Maureen Roskoski 2017-09-14 09:04:58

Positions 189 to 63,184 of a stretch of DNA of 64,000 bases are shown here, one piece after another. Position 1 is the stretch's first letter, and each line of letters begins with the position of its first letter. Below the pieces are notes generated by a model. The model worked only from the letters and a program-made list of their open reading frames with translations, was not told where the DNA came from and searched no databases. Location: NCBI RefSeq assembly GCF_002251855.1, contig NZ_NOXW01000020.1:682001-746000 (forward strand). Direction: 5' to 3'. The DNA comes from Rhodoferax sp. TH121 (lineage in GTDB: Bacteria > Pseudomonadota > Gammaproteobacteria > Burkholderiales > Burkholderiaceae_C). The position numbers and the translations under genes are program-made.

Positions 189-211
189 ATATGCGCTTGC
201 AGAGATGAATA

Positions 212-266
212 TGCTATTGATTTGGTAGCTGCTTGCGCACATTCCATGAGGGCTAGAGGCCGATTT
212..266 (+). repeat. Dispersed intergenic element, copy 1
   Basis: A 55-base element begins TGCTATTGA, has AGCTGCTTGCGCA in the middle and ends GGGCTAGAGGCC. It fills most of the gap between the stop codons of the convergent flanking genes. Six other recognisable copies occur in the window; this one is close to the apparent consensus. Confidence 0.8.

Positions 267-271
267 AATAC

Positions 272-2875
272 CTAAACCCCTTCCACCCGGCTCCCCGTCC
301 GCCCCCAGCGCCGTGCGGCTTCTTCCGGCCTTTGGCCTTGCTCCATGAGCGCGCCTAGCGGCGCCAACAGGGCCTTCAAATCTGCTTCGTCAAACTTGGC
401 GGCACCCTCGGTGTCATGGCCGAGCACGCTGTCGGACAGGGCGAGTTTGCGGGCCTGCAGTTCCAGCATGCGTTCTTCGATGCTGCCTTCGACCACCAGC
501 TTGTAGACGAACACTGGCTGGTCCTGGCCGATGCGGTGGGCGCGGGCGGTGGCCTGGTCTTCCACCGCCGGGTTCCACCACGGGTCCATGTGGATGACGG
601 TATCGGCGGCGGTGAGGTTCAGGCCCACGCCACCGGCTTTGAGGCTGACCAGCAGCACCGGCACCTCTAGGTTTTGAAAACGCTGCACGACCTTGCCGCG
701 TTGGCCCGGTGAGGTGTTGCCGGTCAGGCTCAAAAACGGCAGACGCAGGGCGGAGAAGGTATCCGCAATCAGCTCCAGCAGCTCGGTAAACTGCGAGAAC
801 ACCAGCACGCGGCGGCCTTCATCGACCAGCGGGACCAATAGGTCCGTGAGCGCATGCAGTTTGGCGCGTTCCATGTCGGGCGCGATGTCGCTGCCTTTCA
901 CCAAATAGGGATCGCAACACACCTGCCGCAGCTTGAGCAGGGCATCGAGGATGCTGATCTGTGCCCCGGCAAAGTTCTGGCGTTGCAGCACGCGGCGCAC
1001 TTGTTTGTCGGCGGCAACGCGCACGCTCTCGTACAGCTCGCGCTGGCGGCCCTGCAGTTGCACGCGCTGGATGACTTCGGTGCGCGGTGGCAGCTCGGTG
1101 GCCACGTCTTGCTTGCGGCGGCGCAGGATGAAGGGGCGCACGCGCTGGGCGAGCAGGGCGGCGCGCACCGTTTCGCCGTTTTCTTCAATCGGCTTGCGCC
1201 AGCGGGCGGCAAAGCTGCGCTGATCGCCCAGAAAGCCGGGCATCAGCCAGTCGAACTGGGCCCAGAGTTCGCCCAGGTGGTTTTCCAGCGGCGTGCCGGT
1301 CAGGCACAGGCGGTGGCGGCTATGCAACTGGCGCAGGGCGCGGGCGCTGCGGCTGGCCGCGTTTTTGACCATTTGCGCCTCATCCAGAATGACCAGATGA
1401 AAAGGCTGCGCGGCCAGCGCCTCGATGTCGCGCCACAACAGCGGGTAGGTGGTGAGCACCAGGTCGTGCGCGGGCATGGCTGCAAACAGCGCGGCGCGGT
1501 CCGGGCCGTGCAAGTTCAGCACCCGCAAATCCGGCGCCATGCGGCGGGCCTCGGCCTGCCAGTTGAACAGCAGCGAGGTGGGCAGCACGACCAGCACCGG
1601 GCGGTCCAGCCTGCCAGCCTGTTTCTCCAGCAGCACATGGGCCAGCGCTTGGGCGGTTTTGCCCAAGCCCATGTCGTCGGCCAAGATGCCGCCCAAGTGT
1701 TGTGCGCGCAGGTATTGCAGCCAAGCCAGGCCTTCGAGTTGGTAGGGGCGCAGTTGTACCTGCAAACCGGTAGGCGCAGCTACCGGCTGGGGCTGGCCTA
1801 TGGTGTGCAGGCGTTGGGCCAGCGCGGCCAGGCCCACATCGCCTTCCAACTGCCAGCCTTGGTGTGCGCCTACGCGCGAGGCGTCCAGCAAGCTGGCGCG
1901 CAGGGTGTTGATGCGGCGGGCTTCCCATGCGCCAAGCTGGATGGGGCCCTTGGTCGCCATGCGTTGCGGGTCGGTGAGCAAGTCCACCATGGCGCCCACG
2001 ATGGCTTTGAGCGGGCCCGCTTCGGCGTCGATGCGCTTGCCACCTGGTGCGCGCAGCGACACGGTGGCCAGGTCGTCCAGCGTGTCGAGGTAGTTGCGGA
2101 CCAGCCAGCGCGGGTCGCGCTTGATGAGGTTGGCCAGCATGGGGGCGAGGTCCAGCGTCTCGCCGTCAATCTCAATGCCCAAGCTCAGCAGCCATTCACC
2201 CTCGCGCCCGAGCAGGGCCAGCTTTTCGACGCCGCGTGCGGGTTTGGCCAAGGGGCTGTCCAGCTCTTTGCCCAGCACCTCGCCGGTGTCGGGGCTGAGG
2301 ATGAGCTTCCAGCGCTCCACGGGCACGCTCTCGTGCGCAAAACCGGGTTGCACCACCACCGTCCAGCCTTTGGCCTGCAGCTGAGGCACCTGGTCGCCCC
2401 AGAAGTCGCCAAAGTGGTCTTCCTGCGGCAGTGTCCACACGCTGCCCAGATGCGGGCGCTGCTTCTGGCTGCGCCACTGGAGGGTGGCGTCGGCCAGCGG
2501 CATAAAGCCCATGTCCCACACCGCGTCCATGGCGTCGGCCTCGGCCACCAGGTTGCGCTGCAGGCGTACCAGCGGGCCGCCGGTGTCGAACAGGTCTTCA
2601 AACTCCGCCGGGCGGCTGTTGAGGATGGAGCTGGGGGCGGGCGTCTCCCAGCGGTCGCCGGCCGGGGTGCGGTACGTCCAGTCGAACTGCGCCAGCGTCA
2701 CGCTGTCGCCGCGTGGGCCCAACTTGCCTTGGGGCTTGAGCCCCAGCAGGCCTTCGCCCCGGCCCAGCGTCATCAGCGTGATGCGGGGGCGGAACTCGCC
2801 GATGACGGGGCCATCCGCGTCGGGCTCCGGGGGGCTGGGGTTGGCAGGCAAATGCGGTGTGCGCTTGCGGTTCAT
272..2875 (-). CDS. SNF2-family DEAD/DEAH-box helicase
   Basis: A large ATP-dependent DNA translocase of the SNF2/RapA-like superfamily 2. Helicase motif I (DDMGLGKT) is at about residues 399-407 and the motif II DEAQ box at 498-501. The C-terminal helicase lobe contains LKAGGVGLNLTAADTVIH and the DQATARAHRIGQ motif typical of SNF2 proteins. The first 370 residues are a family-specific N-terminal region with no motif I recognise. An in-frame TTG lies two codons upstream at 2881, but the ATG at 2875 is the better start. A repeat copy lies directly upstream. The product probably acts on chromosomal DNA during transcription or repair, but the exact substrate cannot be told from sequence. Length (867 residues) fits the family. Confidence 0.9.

This is the fourth in a five-part series breaking down the International Organization for Standardization (ISO) management system certification process. In the last installment, “Planning and Resourcing to Support the MSS Certification Process” in the July/August 2017 issue of FMJ, we discussed Clauses 6 and 7 of ISO’s harmonized management system standard (MSS). In that article, we emphasized aligning your MSS objectives with your organization’s strategic objectives and how that can empower your management system to achieve its intended outcomes. It also encouraged you to think about how engagement and communication are essential in maintaining your management system. Establishing the proper foundation for your team often yields more benefits than most of the documentation you will put together. That foundation includes competency modeling, building engagement across the organization through awareness and developing a strong communication plan. In this article, we move to the next step in the Plan, Do, Check, Act cycle — the Do phase. Here, we’ll focus on implementation, or Clause 8: Operation of the MSS. With operation, we arrive at the heart of each standard. This is where you implement procedures, processes and perform actions in support of your MSS. Clause 8 contains a consistent 8.1 Operational planning and control across all MSS areas. Each MSS requires that we plan, implement and control the processes needed to meet our specific MSS requirements. The actions align directly with Clause 6.1, where we identified the actions to address risks and opportunities to ensure the management system can achieve the intended outcomes. This section also ties directly to Clause 9 — performance evaluation — as we are required to ensure the processes are well controlled and are carried out as planned. Operational planning and controls is the only consistency across each MSS that an FM is likely to be familiar with. Each standard takes content specific to its discipline and designs section 8 to fit their management system. Figure 1 shows the additional sub-clauses in Clause 8 for each MSS. Let’s take ISO 22301 Business Continuity Management Systems as an example to highlight how Clause 8 focuses on action and implementation. The ISO 22301 standard provides a framework to develop your business continuity strategy based on a foundation of business impact analysis and risk assessment. There are several implementation items within Clause 8 for 22301 that can be summarized into four main categories, as shown in Figure 2. BUSINESS IMPACT ANALYSIS (BIA) The first step — business impact analysis — is to identify the essential functions and business processes that will keep your business alive during a disruptive event. The BIA is a process to determine the essential functions of the departments within an organization to determine the minimum level of operation needed for the business to continue. The BIA process includes looking at the activities of each department, understanding the interdependencies of their functions and identifying supporting resources. It is a process that helps to identify the most essential business functions and the critical resources that accompany them. The outcomes of the BIA include a prioritized list of functions for each department, recovery time objectives for those functions and a desired minimum level of operations to achieve following a disruption. Because your business may not be able to perform all functions in a disruptive state, identify the critical functions you must keep doing to stay in business, to help prioritize your response efforts. RISK ASSESSMENT (RA) ISO 22301 requires a formal documented risk assessment process that identifies, analyzes and evaluates the risk of disruptive incidents to the organization. If you are looking for additional ISO alignment, you can conform your risk assessment process to ISO 31000. The risk assessment process requires the identification of risks, systematic analysis of risk and selection of risk treatments. The objective is to prioritize threats, understand the effectiveness of existing risk controls and identify additional risk treatments to decrease the likelihood or severity of threats from disrupting your essential business functions. In the facility management realm, we think of risks such as: • What critical equipment must remain operational? • Do I have critical parts in my inventory? • How many single points of failure do I have in my workforce? It is also important to prioritize your efforts by evaluating threats using a risk rating. The risk rating — expressed as likelihood x severity — focuses on the threats that would have the greatest impact on your essential functions. These are threats where the effect on associated critical resources is severe and there is a high likelihood of the threat occurring. The results of the BIA and RA help to align mitigation measures with the most critical business functions and improve your ability to respond, resume and recover. PROCEDURES & PLAN ISO 22301 requires documented business continuity and incident response procedures. The business continuity plan will include detailed steps to activate your business continuity plan, when to utilize an alternate site and site logistics, identification of roles and responsibilities, and other key items, as shown in Figure 3. An important part of the plan and ISO 22301 requirements is the command structure. A documented management structure is crucial to clear and consistent decisions and communications before, during and after an event. One person should be in charge, and there should be multiple backups for every role. The Federal Emergency Management Agency’s Emergency Management Institute offers free online courses in the National Incident Management System (NIMS). There are several courses available, but the NIMS 100 — Introduction to the Incident Command System course is a good starting point for all involved in incident response. EXERCISES & TESTING For your business continuity management system to be truly effective, you need a ready workforce. There are two times you can determine if your procedures are working: during a drill or during an event. We are much better off if we identify issues during a drill and fix them before an event occurs. Training is a great way to engage your workforce, particularly emergency response training, as it is personal. Everyone from every corner of the organization plays a role in business continuity and has something to benefit from the continuity of operations. Facility managers play an integral part at every stage of creating and maintaining operational plans, budgets, trainings, drills and more. You are often the first responders in an incident, before emergency personnel arrive. You also know more about the building and the people in the building than almost anyone else. It is imperative that the facility management team has a seat at the table in incident response and business continuity planning and is active in exercises and drills. Not only does training prepare us to better respond in an emergency, but it is required by law. OSHA 29 CFR 1910.38 requires all US employers to create and train on their emergency action plans. SUMMARY The Do part of the Plan, Do, Check, Act cycle is an intensive, time-consuming part of the process. Through the ISO 22301 business continuity management system example, you can see that Clause 8 requires action and implementation. It is the core of your management system. The rest of the MSS sets the framework, measures our progress, maintains compliance and provides for continual monitoring. The actions in Clause 8 also align with Clause 6.1, where we ensure the management system can achieve the intended outcomes and ties to Clause 9 Performance evaluation, as we are required to ensure the processes are carried out as planned. Everything you do as a facility manager enables your organization to continue its mission. Whichever MSS you choose is a valuable tool to help you achieve that goal. MAUREEN ROSKOSKI, CFM, SFP, LEED AP O+M, is a senior professional and the corporate sustainability officer at Facility Engineering Associates (FEA). With 20 years of experience in facility management consulting, Roskoski has worked with clients on organizational assessments, FM technology process improvement, sustainability and resilience planning. Roskoski is FEA’s business continuity lead, managing FEA’s Business Continuity Management System, and she led the effort to achieve ISO 22301 Business Continuity Management System certification for FEA’s Fairfax, Virginia, USA, office in January 2016. FEA pursued the certification to strengthen its organizational resilience and to enhance its ability to continue business during a disruptive event. While the certification was a great achievement, FEA found that the journey to certification, although challenging, was by far the greatest benefit. The core team of business continuity professionals was invigorated, engagement with employees increased company-wide, and a culture of organizational resilience was created.